O’CONNOR: Okay, firstly they did not debate the Bill that they have in place, even though the Bill does have deficiencies, and I can explain the Bill that they proposed. So it’s come in the last week of the Parliament, after six years they put a Bill to the Parliament they didn’t bring on. The Government has power to bring on a Bill for debate, it wasn’t debated. Now Senator Canavan hasn’t been particularly honest here because he said it passed the parliament and it’s actually now fixing casuals. It was not even brought on for debate let alone pass the House of Representatives, let alone pass the Senate. So there is no law and it wasn’t brought on by the Government. Now as for that Bill, it’s deficient because it would allow employers to designate people to be casual whereas at the moment, under common law that’s not allowed to be determined by the employer. The difference between our policy Laurie, is yes we agree with conversion, but we believe we need an objective statutory test for casual. In other words, a precise definition, so you can draw a line between what are permanent and what are casual jobs.

ATLAS: Is that a timeline or a-

O’CONNOR: No, no, there’s a conversion after twelve months where people have a right to request and an employer not unreasonably refuse. There are jobs in workplaces around the country, in mining for example where on the face of them, they are clearly permanent jobs. Full-time, regular rosters. You don’t get to employ people for five years as casuals under a labour-hire employer, when they’re working permanently every day. Five days, 38 hour weeks, plus overtime and just turn up every day and do that. That’s not acceptable.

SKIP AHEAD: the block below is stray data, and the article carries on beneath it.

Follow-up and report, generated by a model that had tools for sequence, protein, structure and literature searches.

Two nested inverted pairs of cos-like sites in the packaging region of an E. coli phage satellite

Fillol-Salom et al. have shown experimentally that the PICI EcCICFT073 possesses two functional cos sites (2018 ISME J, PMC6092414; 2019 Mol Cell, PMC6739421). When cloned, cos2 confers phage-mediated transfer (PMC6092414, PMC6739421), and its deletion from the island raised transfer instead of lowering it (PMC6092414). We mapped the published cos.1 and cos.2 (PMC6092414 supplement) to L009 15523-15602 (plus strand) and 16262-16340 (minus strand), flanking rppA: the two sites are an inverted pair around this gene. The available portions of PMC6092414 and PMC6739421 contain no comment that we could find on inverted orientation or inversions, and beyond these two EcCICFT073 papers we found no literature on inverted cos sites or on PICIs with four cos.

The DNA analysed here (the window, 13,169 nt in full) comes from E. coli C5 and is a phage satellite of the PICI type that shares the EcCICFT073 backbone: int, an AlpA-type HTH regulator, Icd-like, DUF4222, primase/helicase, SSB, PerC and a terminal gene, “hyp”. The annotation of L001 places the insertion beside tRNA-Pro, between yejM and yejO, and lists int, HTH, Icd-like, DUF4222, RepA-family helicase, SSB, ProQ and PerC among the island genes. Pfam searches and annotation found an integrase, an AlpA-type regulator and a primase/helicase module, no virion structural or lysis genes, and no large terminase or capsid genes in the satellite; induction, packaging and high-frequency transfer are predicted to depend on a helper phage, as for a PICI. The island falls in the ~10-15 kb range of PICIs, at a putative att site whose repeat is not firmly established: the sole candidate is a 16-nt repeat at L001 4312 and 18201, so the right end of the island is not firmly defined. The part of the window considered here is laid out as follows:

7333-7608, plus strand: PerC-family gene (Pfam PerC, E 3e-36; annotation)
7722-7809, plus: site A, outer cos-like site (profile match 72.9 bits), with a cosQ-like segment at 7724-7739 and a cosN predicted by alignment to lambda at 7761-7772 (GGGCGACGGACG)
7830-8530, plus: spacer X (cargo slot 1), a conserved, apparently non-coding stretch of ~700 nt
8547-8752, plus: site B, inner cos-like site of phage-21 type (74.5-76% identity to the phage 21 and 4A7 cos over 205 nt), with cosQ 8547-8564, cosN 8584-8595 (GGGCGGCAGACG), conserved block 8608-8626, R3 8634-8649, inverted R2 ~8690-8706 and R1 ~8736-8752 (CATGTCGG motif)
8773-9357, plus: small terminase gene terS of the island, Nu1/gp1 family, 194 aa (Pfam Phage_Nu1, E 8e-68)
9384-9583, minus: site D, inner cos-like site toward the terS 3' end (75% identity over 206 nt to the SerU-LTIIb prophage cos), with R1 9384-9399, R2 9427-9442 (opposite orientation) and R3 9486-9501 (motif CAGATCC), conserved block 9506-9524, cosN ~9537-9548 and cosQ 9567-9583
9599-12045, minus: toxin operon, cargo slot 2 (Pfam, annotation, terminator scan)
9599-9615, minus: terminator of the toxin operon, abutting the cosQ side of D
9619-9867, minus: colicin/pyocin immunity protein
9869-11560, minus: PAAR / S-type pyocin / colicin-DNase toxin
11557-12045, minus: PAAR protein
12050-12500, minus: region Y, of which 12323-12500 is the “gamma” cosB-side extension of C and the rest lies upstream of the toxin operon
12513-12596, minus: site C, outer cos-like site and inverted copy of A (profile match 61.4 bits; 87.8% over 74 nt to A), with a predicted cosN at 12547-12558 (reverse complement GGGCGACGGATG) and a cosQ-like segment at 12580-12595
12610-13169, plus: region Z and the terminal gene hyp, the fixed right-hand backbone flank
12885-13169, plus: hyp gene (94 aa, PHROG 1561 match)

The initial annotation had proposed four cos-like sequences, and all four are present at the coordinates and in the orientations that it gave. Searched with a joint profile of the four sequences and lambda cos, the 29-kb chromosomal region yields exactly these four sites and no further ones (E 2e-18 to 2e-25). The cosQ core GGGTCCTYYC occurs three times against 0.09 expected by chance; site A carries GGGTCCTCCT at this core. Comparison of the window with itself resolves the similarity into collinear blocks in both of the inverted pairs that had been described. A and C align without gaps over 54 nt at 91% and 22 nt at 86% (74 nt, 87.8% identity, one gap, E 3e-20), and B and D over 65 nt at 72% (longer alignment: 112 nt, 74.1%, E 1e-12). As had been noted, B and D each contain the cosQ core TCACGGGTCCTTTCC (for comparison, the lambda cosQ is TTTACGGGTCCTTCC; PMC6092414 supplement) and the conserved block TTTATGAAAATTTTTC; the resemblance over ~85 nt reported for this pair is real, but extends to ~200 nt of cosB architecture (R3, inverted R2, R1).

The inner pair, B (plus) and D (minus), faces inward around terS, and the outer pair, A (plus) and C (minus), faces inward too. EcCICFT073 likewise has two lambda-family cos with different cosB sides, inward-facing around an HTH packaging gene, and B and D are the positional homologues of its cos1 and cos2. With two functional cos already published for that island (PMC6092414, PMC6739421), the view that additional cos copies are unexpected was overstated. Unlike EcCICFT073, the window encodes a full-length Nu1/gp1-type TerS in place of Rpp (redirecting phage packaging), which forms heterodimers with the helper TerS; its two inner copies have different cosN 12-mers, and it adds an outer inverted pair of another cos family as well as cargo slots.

ATLAS: Is there a bit of finger pointing here? Some pointing at the mining companies for wanting that type of work and some are pointing at the labour-hire companies for doing and only offering that type of work?

O’CONNOR: I’m not sure who the culprit is. I think what’s happened over time, over the last several decades, is that casualisation has been on the rise. In Queensland, it’s the highest in Australia. Even the ABS says it’s twenty nine per cent. I think, it’s actually a bit higher than that. So, that’s almost one in three jobs are casual in Queensland. That is really difficult when you’ve got a family; you have a permanent family and a casual job, you need a full-time job, you’ve got a mortgage or you’re paying rent, you’re trying to pay the bills.

ATLAS: Well, you can’t get a loan if you’re casual.

O’CONNOR: Well, that’s the big one. I talked to some plumbers the other day and one of them said, they wait by their mobile to get a text as to whether they work the next day and the other said he wanted a home-land package. He could get the money for the land, the broker said to him we can’t get the bank to give you the money because you’re a labour-hire worker and he said, but I’m getting hours, but they said you’re a labour-hire worker, the bank doesn’t deem you to be permanent and we can’t give you that loan.

ATLAS: And look, no one’s saying the Bank Royal Commission shouldn’t have happened, but the banks have gone, they’ve really pulled the credit in haven’t they, I’m sure that’s affecting them all.